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What Not to Include in a Job Ad

Published November 5, 2012


Finding the right candidate for a much coveted position within your organization can be, well, a full time job of its own. There are recruiters, hr services and other tools available to help you get the right applicants. Sometimes all it takes is a really great job ad in the right place to expedite the process.

Though writing the job ad may seem like the easiest part of the process (just cut and paste the job expectations- that should do, right?), you need to take time to make sure you are including the right things, but more so, removing things that really don’t matter or should only be available to individuals after they pass a certain qualification phase, like knowing when pajama Fridays take place.

Below we list the things you SHOULD NOT include in your job ad, why they are ineffective and what you should actually be ‘jobvertising’.

1. Absurd photos

We know that your company should exude culture, especially to those not face-to-face with it everyday. And since a picture says a thousand words, it may seem intuitive to use a couple to get some attention. But you should refrain from including unnecessary photos in your job ad. Why? Well, photos are not necessary to begin with. The purpose of a job ad is to “emphasize why a qualified individual should apply for the job”. Pictures of last year’s pajama party or last week’s pumpkin carving contest, won’t do much to attract the right candidate (unless you are in business to sell pajamas or pumpkins). Use the real estate in your ad for a much richer job description.

“Job ad is your direct medium of communication with a candidate. In reading, a potential candidate quickly forms a lasting impression of your company culture and how that potential candidate envisions daily life at your workplace. “ David Smooke

2. Excessive details

Contrary to popular belief, experience does not equal job performance. It is actually a low predictor of future success. While our first instinct may be to include every single detail of the job to garner the ‘best fit’ applicants, the truth of the matter is that someone does not need to have thirty years as a halogen light bulb manufacturer in Ohio to do well in a similar role.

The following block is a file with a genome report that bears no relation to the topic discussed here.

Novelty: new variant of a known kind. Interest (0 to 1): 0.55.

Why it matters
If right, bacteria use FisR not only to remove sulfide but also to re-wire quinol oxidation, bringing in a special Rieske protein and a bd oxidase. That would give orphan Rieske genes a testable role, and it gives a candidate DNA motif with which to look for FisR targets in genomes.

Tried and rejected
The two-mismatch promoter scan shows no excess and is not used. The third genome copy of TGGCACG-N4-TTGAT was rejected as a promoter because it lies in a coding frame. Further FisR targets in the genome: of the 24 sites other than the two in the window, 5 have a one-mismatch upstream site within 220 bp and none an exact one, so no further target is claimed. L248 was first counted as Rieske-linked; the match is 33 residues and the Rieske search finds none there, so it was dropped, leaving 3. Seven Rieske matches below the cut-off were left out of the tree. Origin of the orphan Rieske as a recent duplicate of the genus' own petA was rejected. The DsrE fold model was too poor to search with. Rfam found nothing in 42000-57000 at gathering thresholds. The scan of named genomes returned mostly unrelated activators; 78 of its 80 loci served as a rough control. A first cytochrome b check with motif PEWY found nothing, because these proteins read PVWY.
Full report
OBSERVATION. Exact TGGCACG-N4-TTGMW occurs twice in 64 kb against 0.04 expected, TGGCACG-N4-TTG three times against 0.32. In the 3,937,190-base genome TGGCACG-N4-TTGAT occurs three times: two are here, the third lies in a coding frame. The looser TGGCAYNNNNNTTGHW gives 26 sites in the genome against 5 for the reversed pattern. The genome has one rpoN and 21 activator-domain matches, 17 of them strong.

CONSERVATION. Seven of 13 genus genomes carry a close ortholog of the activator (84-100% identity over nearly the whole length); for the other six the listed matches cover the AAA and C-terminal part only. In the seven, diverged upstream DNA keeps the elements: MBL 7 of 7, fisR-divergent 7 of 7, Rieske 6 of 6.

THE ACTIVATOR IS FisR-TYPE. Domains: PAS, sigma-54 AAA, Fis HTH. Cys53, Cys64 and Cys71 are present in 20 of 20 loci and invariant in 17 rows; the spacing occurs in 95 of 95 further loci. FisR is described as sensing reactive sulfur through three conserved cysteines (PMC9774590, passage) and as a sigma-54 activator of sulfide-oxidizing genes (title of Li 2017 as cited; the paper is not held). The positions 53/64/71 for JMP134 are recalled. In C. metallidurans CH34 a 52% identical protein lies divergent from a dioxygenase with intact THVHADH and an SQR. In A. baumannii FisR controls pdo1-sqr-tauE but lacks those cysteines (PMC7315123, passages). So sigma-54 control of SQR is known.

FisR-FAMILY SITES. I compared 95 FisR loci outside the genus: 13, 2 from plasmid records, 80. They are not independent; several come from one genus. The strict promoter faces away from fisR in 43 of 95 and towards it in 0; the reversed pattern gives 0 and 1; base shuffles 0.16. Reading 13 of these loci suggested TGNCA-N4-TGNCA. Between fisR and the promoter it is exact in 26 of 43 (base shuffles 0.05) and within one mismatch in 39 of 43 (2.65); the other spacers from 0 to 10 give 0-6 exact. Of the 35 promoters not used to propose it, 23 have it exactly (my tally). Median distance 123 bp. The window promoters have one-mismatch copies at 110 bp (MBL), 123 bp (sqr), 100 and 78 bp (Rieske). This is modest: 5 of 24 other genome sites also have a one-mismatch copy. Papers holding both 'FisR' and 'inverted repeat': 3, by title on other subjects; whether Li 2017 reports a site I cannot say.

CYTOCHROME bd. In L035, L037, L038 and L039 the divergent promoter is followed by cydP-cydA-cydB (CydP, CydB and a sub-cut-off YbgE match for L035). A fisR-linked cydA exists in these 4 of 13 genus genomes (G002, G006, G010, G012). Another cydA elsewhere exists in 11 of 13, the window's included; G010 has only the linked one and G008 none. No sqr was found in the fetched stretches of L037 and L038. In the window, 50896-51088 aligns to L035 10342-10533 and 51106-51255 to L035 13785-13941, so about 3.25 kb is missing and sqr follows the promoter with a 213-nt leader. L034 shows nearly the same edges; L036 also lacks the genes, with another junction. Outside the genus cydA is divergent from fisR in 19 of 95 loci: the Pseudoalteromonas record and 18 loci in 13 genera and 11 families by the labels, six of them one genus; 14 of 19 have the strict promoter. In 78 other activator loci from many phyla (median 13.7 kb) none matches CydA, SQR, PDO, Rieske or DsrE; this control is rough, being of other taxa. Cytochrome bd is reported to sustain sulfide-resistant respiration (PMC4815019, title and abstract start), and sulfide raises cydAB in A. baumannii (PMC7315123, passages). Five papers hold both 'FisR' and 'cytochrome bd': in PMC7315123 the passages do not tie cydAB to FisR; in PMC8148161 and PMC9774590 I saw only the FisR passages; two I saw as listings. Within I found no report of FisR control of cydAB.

Of course certain skills are necessary to any position, but a job ad is not a place to brain dump every single job expectation. Nor is it a place to ramble on about minute details. Keep the ad short, simple and make sure that every sentence and every word serves a purpose. Less copy; more information.

3. Too much emphasis on the job

Don’t ignore the person reading your ad! You can easily alienate potentially great candidates by writing on and on and on about the job itself and not about the person. Highlight what makes a great candidate, what qualities are most important and why. Don’t write it out as though you are hiring a robot. Even if it is a cookie cutter job, make it compelling; the quality of applicants will go up.

4. Too much attention to what you want

Managers, startups and businesses alike have the tendency to seek out candidates they ‘like’ more so than those that will compliment their skillset and actually fill the position nicely.  Avoid writing a job ad like you would a personal ad. Make sure you are not advertising for a date, but for someone who has complimentary skill sets and can maximize his or her productivity. You may not want someone who is more intelligent and extroverted than you, but you may need them.

5. Boring ads

Blah, blah, blah. The ideal candidate this, the ideal candidate that. Don’t create a repetitive boring ad. Stand out from the rest (including your competitors), by making the ad fun and worth applying for.  Write using inspiring action verbs like: create instead of produce, advance instead of promote, and execute instead of carry out.

6. Binders full of women

Mitt Romney might not agree here, but you must avoid any discriminatory, defamatory, sexist and racists remarks. Anything misleading could put you in a nasty place (like court). Don’t tarnish your brand or company in favor of what you may think makes up an ideal candidate. Job ads must remain gender, race, and faith neutral. You are looking for someone to bring your company to the next level now, regardless of their non-work related background.

7. No way to easily apply

So, here you are, your brilliant ad is complete. It’s published and what seems like qualified candidates are applying for the job. But what you don’t realize is that 90% of the top performers lost interest in the process because you did not leave them with an easy place to send their information.  A simple apply now button with basic information fields will do the trick. It does not have to be fancy but should focus on asking the most qualifying questions. Give applicants an easy place to upload their cover letter and resume and leave them feeling confident about their application. To appease our mothers, including a simple ‘thank you for applying’ is always a nice way end your application process on a positive note.

Your job ad needs to get candidates’ attention, qualify them, and motivate them to apply for your opening all while saying a lot in only a few words. It truly is a game of word math. Choose your action verbs and descriptions wisley. Who knows, the next Steve Jobs could be the one applying.

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